History Department
History Department

History doctoral students Maria Esther Hammack and Emily Whalen awarded P.E.O. Scholar Grants, 2019-20

Fri, November 1, 2019
History doctoral students Maria Esther Hammack and Emily Whalen awarded P.E.O. Scholar Grants, 2019-20
Maria Esther Hammack and Emily Whalen, Ph.D. Candidates in the Department of History, UT Austin

Two History doctoral students have been awarded the P.E.O. Scholar Award for the 2019-2020 academic year. Out of 945 women nominated, Maria Esther Hammack and Emily Whalen are two of 150 award winners.

The P.E.O. Scholar Awards (PSA) were established in 1991 to provide substantial merit-based awards for women of the United States and Canada who are pursuing a doctoral-level degree at an accredited college or university. Scholar Awards recipients are a select group of women chosen for their high level of academic achievement and their potential for having a positive impact on society. The P.E.O. Sisterhood, founded January 21, 1869, at Iowa Wesleyan College, Mount Pleasant, Iowa, is a philanthropic educational organization dedicated to supporting higher education for women. There are approximately 6,000 local chapters in the United States and Canada with nearly a quarter of a million active members.

Maria Esther Hammack is a doctoral candidate in the Department of History at the University of Texas at Austin. She specializes in U.S. slavery focusing on the African Diaspora in Mexico and the ways Texas became central to Black diasporic movements across the global South. Her dissertation under the direction of Professor Daina Ramey Berry, “South of Slavery: Enslaved and Free Black Movement in a Global Frontier, Mexico, The United States, and Beyond, 1793-1868,” traces the journeys of escapees and migrants who crossed the Mexico-US borderlands because they saw Mexico as a safe haven. Trained as a social historian, Maria emphasizes the experiences of runaway slaves, enslaved women/indentured servants, Black Seminole refugees, smuggled slaves, and free blacks who took solace in leaving the United States to live in a “free” Mexico. This work also explores Mexico’s anti-slavery and abolitionist efforts through an in-depth examination of Mexican congressional, governmental, and diplomatic records from its early period of Independence to the official abolition of slavery in 1829. Maria is a transnational scholar who seeks to advance initiatives that link scholarly research, pedagogy, digital and public history. In 2018-2019, she was a Fellow at the Dolph Briscoe Center for American History. Read about her work at https://mariaestherhammack.me/ and fourthpartoftheworld.wordpress.com, check out her articles on Not Even Past, and follow her on Twitter at @LorienTinuviel.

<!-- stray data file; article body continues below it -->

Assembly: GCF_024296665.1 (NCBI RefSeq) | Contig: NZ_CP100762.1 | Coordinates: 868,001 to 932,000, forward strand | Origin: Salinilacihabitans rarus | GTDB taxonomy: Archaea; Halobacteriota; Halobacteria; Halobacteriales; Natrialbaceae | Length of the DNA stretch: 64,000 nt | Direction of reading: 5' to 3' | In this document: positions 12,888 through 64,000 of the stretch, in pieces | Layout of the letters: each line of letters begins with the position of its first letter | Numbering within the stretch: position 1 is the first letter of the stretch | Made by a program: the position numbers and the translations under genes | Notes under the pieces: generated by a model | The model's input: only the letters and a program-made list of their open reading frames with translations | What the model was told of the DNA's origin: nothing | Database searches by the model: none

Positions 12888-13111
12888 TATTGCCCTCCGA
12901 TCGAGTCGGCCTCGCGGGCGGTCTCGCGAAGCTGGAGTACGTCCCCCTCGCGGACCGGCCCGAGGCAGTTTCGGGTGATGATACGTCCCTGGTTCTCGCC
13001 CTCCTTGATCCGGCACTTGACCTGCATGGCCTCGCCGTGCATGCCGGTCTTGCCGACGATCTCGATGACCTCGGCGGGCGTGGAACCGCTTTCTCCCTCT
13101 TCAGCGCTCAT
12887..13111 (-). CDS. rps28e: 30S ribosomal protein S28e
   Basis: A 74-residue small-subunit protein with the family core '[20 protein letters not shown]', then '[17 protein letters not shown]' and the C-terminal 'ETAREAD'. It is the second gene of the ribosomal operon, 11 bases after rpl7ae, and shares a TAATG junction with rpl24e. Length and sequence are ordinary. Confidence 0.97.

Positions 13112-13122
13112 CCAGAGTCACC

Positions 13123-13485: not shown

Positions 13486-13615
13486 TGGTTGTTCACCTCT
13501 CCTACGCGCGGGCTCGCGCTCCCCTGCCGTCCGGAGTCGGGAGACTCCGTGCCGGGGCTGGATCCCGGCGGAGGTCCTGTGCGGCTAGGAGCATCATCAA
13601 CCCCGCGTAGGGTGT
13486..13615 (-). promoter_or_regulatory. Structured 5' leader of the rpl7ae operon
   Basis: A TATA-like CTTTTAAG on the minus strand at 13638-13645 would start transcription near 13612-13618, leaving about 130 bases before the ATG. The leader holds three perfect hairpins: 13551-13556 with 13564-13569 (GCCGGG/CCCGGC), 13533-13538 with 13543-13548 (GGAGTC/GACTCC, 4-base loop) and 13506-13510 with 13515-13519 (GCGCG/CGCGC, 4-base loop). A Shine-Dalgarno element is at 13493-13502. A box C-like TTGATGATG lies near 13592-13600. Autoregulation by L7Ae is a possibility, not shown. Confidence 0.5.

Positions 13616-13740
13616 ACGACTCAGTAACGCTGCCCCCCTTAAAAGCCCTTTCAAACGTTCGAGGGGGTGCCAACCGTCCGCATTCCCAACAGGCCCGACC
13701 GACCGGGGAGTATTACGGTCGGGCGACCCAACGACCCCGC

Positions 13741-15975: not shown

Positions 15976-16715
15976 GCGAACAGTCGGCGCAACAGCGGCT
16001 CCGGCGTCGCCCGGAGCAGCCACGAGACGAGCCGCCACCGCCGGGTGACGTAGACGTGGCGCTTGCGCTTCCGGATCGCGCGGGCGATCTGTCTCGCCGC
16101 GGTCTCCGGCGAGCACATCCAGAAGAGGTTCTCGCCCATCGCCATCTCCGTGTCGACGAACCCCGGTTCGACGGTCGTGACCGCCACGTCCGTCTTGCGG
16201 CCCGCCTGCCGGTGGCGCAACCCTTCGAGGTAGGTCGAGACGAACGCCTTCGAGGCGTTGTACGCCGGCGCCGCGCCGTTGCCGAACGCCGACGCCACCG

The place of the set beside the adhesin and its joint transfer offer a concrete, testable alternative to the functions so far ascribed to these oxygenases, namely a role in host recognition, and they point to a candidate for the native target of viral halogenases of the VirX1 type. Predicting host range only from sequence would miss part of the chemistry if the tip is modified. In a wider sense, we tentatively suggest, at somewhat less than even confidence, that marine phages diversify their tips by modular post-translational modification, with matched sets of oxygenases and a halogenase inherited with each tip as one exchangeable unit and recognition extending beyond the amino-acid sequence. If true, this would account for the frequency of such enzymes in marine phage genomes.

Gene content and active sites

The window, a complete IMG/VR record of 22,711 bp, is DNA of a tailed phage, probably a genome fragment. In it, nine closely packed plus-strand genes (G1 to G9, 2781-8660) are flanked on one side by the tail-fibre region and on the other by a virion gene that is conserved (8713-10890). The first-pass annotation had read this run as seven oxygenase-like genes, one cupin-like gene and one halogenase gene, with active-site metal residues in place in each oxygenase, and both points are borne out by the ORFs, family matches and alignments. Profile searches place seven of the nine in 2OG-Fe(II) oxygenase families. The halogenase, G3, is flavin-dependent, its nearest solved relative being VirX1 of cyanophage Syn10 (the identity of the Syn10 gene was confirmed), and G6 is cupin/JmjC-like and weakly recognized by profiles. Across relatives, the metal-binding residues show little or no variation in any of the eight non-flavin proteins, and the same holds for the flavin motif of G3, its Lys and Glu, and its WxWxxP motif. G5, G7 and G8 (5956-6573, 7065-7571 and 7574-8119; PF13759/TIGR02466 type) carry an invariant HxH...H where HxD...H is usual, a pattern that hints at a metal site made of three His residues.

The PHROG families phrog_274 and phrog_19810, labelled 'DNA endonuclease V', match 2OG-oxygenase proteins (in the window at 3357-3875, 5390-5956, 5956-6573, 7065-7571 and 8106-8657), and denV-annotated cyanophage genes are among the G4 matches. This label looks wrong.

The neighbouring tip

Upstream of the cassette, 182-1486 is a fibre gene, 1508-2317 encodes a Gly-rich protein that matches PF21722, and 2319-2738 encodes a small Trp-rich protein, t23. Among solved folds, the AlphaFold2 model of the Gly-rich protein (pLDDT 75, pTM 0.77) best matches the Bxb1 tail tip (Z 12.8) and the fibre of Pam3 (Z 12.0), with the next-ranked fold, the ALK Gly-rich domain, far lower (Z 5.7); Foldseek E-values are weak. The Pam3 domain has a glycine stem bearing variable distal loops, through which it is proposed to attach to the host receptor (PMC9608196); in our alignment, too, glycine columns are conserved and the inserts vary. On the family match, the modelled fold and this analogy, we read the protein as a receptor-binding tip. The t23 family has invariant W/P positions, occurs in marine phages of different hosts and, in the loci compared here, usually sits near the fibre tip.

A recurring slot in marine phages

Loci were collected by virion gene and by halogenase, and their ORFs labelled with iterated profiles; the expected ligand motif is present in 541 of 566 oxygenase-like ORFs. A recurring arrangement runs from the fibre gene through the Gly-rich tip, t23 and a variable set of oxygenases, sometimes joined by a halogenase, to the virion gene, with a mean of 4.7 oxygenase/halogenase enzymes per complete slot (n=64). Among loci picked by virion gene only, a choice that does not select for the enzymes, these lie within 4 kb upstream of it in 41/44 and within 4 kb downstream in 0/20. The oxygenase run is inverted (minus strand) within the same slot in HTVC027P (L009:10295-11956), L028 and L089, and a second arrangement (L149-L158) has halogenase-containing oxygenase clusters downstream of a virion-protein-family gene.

Emily Whalen is a historian of U.S. foreign policy and of the Middle East. She is a doctoral candidate in History at the University of Texas at Austin, where she is a Graduate Fellow at the Clements Center for National Security. Previously, Emily has been a Smith Richardson Foundation Predoctoral Fellow at Yale’s International Security Studies Program and an affiliated scholar at the American University of Beirut's Center for Arab and Middle Eastern Studies. In 2019-2020, she will be an Ernest May Predoctoral Fellow at Harvard Kennedy School’s Belfer Center for Science and International Affairs. The PEO Sisterhood and the American Association of University Women have also supported Emily’s work. Emily works as a historical consultant for the EastWest Institute, an international, non-governmental think-tank specializing in Track-II diplomacy. She was previously a coder for the Armed Conflict Location and Event Database, covering political violence in Pakistan. Emily's writing appears in several online publications, including Not Even Past, Foreign Policy, Task and Purpose, and Lawfare. A distinguished graduate of the University of Virginia (BA, 2010), Emily speaks French, Italian, and Levantine Arabic. Read more about her research, scholarship, publications and media at emilyingridwhalen.com, and follow her work on Twitter @eiwhalen.

Congratulations to Maria and Emily!

Thanks to Gwendolyn Lockman, Ph.D. Student, University of Texas at Austin, for contributions to this article.

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